Written by James Alan Gardner
Q: How many art directors does it take to change a light bulb?
A: Does it have to be a light bulb?
There’s a family of Hollywood jokes that have similar punchlines: “Does it have to be a…” Often, the joke is about a studio executive who wants to turn an innovative idea into the same-old-same-old that the film industry pumps out each year. (“Okay, it’s a story about Anne Frank. But does she have to be Jewish? And does it have to be a girl? I’m thinking Matt Damon…”)
I prefer to use the question in the opposite direction. When writing science fiction and fantasy, you can ask, “Does it have to be an elf?” “Does it have to be an evil corporation?” And above all, “Does it have to be a straight white dude?”
I have nothing against straight white dudes—I’m one myself. But straight white dudeness is an over-plowed field that needs to lie fallow for a while. To put it another way, straight white dudeness is only one spice in the spice rack. It has its place in the recipe book, but we deserve a wider range of flavors.
When I’m planning or writing a story, I’ve noticed that every time I have to come up with a new character, an easy cliché will pop into my head. That’s natural; brains are designed to serve up fast easy answers, in case we’re running from a saber-toothed tiger and don’t have time for lengthy intellectual debates.
But fast, easy ideas almost always have been done to death already. So I’ve tried to develop a habit of asking, “Does it have to be a…?”
Once in a while, a character really does have to be the first thing that pops into my head. This may happen if I’m writing about a real historical figure, or if I’m satirizing a familiar person. Most of the time, however, a character’s place in a story has plenty of wiggle room. Few characters, for example, absolutely must have a particular sex or gender identity in order to fulfill their role in the story. Most characters don’t have a function that requires a specific sexuality. From a strictly plot-oriented point of view, it seldom matters if a character is male, female, non-binary, straight, gay, or anything else in human behavior.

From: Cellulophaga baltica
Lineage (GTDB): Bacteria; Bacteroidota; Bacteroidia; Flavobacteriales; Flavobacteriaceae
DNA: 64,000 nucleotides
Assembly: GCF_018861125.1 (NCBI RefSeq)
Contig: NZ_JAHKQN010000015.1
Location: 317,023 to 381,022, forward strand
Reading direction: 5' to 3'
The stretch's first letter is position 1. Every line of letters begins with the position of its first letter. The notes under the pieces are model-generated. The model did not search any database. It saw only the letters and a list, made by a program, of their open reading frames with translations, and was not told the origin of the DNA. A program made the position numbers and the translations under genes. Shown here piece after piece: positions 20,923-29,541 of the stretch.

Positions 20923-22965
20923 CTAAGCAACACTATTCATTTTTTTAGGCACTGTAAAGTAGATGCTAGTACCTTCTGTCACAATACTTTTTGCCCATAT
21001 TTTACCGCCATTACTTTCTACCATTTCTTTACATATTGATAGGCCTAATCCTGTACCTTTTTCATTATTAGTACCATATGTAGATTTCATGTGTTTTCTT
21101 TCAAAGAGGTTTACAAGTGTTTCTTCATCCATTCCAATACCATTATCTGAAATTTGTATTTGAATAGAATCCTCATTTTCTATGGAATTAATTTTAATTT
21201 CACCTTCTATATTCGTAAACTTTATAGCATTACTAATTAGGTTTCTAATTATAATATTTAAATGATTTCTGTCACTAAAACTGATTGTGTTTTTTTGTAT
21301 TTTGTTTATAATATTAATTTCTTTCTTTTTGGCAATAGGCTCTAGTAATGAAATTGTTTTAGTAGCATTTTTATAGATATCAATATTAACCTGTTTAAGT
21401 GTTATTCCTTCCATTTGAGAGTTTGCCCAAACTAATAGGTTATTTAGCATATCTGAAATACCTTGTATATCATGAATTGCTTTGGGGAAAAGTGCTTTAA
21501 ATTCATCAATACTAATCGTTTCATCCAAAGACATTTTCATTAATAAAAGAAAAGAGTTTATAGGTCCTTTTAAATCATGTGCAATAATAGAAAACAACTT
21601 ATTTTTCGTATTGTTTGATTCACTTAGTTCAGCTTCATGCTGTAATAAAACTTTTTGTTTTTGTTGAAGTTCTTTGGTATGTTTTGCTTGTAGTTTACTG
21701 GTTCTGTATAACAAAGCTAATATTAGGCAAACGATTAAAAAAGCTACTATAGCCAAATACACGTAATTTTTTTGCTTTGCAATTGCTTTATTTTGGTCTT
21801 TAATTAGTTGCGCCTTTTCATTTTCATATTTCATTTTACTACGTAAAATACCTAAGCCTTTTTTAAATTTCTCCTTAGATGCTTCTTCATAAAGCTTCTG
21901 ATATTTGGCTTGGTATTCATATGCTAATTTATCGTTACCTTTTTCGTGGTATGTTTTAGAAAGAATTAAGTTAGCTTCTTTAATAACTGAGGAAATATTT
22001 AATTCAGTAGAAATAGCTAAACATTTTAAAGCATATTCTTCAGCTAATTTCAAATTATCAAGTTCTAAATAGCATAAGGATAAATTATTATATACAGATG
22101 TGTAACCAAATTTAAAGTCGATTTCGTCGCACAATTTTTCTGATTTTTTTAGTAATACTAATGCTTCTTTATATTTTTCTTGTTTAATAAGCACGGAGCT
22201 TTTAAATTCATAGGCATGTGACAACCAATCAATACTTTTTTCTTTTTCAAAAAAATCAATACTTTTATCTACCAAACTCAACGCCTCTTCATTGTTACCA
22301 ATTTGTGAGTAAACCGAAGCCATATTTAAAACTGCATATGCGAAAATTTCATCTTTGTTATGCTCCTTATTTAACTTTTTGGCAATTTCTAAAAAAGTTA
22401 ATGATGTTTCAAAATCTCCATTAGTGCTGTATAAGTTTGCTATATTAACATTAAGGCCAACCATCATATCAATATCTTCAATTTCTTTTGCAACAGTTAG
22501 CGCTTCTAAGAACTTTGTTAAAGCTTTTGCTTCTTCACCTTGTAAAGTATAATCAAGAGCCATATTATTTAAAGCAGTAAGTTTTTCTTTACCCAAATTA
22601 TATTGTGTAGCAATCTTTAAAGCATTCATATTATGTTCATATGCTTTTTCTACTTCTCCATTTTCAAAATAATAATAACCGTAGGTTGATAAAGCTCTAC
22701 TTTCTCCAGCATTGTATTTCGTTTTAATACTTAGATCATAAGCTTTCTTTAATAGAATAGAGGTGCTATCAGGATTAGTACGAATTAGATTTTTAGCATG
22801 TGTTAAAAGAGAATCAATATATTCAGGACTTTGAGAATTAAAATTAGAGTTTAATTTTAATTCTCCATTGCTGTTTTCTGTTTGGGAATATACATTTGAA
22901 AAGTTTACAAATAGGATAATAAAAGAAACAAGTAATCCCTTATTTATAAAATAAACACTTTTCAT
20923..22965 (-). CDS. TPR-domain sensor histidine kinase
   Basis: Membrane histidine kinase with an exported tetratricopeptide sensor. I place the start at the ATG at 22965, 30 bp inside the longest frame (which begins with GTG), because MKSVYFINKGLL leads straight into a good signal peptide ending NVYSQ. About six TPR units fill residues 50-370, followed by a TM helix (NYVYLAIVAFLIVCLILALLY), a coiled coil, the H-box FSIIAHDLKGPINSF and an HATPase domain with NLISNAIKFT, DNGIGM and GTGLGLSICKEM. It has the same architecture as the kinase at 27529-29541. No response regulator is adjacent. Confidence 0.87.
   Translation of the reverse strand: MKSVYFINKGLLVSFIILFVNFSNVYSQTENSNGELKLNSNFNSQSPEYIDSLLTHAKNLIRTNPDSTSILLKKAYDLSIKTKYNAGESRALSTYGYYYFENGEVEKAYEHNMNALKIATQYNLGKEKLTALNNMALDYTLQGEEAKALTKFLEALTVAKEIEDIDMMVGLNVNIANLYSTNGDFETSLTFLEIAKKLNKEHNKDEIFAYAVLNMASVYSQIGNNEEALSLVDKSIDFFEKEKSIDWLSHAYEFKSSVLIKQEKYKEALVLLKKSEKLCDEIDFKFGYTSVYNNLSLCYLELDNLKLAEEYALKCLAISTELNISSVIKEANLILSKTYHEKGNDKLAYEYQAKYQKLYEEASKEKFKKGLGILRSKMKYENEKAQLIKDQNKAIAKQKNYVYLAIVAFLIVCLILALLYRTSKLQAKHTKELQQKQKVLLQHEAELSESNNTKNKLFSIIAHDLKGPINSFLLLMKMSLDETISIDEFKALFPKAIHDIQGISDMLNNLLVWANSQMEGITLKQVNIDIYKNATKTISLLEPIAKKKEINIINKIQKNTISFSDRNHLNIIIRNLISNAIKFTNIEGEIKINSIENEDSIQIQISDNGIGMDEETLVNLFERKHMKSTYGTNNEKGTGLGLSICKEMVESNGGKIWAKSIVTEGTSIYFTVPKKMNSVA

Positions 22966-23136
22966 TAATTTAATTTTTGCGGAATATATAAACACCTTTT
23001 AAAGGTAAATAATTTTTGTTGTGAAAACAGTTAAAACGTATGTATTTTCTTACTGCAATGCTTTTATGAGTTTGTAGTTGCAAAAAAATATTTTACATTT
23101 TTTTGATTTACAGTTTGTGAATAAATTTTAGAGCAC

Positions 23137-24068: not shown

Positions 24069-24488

I don’t mean that characters can be freely interchanged without affecting the story. Just like a spice, a character’s traits and personality provide flavor to a story, even if those qualities don’t cause upheavals in the plot. Choosing one type of character over another makes a difference in tone, if nothing else. Usually, it also contributes to worldbuilding (“This is the sort of world that has a person like this in it”) and to characterization (by showing how your central characters interact with different kinds of people).
If, for example, your protagonist only interacts with straight white dudes, you’re throwing away the chance to show the character in different contexts. You’re imposing an impediment to portraying your protagonist’s full identity.
Let’s take a simple example. Your plot calls for the protagonist (P) to ask a witness (W) for information about something that W saw. Let’s also say there are no plot restrictions on who W can be—W just has to be someone who might have been in the right place at the right time.
So first, consider worldbuilding. Your choice for W reflects what kind of person might be in that location at the time in question. Who’d be there on that street, or inside that building, or strolling through those woods? How can you use your choice of character to show the reader some interesting facet of your world? And by “interesting”, I mean something that the reader couldn’t predict from familiar tropes.
So on a street, if W is just some guy, it doesn’t advance our understanding of the world. But if W is a middle-aged woman who lost a hand in a sword duel, we quickly get an impression about the nature of local society.
Predictable stock characters waste the opportunity to show information about your world. But they also waste a chance to show us who your protagonist is. Do you really want your main character to interact with someone forgettable? Well, yes, if all you need is someone to yell, “The murderer ran off that way!” But if your protagonist is going to have a conversation, you can get a lot more mileage out of the exchange by having your witness be distinctive.
If W is a child, the conversation will show us how P deals with children. If W is an elderly person, we’ll see a different side of P. You can say the same if W has a disability…if W is a person of high status in society…if W is a person who is despised by the local society…and so on. Whoever W is, the ensuing conversation will show us what kind of person P is, and what P’s attitudes are toward various types of people.
You should never do this ham-handedly by using clumsy stereotypes—that’s just offensive. But I see nothing wrong with diversity for the sake of diversity, provided that you’re sensitive to the effects that you’re creating. Consciously striving for diversity gives you enriched opportunities for building your world and portraying your central characters…and of course, your central characters should be diverse too, for exactly the same reasons.
Expanding your range of characters also expands your options. It literally increases the range of actions that can happen in a scene—different types of people can do different things, and will deal with problems in different ways. If you don’t make use of all the available dimensions of personality, it’s like putting on blinders to give yourself tunnel vision.
Or like only using one spice.
Or like sticking with boring old light bulbs when you could have all the colors of the rainbow.
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